Global Exploitation Cinemas, University of Lincoln, 28 May 2015.
The introduction of the Video Recordings Act in 1984 was not simply the destructive force that it is often pitched as. The creation of a list of banned titles and subsequent removal of these titles from the shelves became the catalyst that fortified a community of fans and collectors in the UK. Fascinated by the rare and the illicit, these fans often shared low-quality copies in the absence of official releases. However, by the early 1990s, attention had shifted to contemporary concerns, and in the wake of the James Bulger case; many of these objects of prior concern began to reappear on the shelves in the UK. Though in many cases censored, the films were generally well received and the foremost distributor VIPCO championed as an oppositional voice kicking back against the BBFC. This success would be short-lived. In the late 90s as DVD was gaining a foothold in the UK, a clear shift can be observed in the expectations of the product and how that product would henceforth be presented.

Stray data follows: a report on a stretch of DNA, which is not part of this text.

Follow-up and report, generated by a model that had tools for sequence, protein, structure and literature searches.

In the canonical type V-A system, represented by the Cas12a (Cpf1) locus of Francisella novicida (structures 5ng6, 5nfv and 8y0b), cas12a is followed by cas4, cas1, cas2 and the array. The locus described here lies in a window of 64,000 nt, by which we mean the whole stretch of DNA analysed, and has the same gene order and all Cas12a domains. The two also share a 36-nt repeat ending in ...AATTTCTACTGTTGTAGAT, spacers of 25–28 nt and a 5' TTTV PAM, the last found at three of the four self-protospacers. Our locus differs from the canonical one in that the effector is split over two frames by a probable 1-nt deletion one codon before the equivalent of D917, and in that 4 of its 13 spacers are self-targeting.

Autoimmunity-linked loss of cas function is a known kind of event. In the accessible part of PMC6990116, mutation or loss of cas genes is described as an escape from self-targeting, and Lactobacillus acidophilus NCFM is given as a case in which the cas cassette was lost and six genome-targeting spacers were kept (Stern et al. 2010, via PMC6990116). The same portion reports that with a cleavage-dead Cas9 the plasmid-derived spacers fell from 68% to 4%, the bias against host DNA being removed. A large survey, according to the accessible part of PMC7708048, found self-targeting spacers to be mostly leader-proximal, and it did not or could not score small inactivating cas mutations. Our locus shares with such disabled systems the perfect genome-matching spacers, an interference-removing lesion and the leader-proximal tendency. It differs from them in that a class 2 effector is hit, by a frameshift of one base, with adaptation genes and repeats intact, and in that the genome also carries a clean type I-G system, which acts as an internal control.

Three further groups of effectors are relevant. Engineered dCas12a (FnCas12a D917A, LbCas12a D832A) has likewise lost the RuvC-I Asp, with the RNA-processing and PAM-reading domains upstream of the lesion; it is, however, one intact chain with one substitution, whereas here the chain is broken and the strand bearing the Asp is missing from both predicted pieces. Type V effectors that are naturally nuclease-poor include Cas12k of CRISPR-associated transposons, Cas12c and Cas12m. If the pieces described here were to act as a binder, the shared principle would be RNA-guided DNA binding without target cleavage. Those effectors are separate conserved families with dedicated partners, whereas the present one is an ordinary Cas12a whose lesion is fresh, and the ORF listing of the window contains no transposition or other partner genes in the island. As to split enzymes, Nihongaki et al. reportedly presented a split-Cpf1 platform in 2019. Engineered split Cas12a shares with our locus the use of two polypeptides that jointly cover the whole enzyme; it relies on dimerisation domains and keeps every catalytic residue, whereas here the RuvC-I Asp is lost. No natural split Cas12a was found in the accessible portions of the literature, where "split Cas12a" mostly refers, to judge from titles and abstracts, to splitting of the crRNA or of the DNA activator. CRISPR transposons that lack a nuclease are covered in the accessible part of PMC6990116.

"A film could be completely misrepresented by the advertising and could disappoint spectators, yet the ballyhoo that preceded it was part of the overall entertainment experience, a fact the audience evidently recognised and appreciated and in which they were complicit."
This paper will examine the development of the exploitation industry in the UK and the apparent elevation of films, which had once been understood as trash. Using VIPCO as a case study, the paper will chart how the forces evident in the past thirty years have impacted on the product and in turn shaped the market.